Shake and strain, serve in a rocks glass filled with ice.
This was nice, but all the delicate floral characeristics of the Blanche just went into a black hole. Frankly, a more assertively flavored and oak-aged brandy would work better in this, I think. I’d be curious to experiment with unaged Armagnac in a drink where it can really stand out.
Next up, Castarède VSOP, with walnut, warm spices, cocoa and prune in the nose, continuing in the same manner on the palate with more spices. Don’t tell me I’m going to start wanting to get Armagnacs too, sheesh …
Then, a vintage Armagnac — Castarède 1979 vintage. This stuff was superb, nuty, with butter, toasted nuts, cocoa and spices spices spices (“!!!!” is what I wrote in my notebook). Again in my head I hear the phrase, “Ooh, there goes your money, honey.” To quote Hellboy, “Ohhhh, crap.”
Finally, we tasted B&B liqueur, which stands for “Bénédictine and Brandy”, which is exactly what it is — the peerless liqueur mixed with brandy and bottled. Bénédictine had been bottled in modern times for about 70 years on its own, until a bartender at the 21 Club in New York in 1937 created a Bénédictine & Brandy cocktail, and it took off — you get the wonderful herbal bouquet of the liqueur without so much of the sweetness. The Bénédictine folks caught on to a marketable idea and began to parket the blended product as well. Oddly enough, although I love Bénédictine and use it all the time, I’d never actually tasted the bottled B&B.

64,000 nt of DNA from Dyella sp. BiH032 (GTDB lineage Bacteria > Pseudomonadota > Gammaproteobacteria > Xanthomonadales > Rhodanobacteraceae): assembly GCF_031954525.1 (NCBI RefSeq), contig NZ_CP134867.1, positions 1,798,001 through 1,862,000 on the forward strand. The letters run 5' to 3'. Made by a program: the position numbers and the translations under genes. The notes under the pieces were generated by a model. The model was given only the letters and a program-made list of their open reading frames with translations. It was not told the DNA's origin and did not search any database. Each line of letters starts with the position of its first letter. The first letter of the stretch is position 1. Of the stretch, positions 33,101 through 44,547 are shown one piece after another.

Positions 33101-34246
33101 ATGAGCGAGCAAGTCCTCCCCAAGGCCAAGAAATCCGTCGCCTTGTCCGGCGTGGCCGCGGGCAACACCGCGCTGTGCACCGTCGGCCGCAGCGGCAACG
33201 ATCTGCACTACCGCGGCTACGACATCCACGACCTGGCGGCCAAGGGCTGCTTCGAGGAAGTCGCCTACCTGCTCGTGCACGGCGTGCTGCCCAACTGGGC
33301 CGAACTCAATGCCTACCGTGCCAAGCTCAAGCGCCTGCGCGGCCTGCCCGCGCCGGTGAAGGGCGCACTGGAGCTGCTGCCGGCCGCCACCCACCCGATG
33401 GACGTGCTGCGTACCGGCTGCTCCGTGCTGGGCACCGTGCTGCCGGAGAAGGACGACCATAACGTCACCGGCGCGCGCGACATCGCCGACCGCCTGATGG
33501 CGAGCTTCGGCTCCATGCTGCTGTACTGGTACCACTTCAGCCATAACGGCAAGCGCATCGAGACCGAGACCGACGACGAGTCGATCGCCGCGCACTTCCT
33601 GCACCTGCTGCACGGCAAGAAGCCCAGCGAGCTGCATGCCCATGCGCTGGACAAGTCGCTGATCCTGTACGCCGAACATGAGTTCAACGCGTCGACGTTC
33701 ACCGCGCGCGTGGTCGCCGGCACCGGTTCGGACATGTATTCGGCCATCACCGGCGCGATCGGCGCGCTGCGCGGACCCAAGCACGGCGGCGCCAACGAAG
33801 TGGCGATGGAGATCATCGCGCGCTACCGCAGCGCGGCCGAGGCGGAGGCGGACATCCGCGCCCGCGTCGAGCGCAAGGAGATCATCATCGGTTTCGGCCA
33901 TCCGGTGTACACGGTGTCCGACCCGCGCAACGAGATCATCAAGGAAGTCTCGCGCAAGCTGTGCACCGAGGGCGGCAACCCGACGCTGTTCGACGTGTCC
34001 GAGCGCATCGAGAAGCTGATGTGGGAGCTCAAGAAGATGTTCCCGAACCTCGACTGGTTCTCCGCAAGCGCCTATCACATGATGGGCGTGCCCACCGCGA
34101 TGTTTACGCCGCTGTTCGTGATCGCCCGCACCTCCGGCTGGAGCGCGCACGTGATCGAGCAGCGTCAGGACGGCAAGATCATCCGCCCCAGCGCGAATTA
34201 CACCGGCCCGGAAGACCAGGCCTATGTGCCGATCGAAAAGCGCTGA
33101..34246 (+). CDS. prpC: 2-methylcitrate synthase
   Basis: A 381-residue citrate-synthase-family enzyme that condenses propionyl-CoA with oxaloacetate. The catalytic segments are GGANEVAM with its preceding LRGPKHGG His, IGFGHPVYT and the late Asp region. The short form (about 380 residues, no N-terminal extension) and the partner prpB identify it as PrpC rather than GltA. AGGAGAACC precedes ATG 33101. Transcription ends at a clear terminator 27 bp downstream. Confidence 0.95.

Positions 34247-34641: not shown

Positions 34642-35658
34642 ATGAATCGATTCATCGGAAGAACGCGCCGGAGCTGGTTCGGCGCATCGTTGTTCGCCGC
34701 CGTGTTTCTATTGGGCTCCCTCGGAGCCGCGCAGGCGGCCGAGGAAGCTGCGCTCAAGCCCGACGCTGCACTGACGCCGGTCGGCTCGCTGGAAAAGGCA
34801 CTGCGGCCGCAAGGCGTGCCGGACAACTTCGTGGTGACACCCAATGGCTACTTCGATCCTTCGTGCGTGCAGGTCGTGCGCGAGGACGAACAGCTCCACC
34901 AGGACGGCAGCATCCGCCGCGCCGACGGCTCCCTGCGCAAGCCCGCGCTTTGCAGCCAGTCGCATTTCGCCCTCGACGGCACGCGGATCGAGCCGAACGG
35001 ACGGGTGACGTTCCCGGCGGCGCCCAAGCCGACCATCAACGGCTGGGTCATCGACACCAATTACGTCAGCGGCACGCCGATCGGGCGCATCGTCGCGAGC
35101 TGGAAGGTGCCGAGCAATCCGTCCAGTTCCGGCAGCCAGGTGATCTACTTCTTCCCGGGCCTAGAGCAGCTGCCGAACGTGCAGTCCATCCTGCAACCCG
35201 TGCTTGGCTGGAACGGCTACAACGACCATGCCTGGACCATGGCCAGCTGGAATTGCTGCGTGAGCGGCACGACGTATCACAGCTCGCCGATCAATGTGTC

OKay, the running tally for Thursday the 17th … tastes of six single malt Scotches, tastes of ten gins, four small gin cocktails, tastes of nine brandies, three small brandy cocktails. No spitting into the spit bucket at any time. From here it’s off to Cocktail Hour, and THEN to Chef Chris DeBarr’s Tiki-licious Luau Spirited Dinner, with drinks by Jeff “Beachbum” Berry and Wayne Curtis. Keep those scorecards up to date, kids …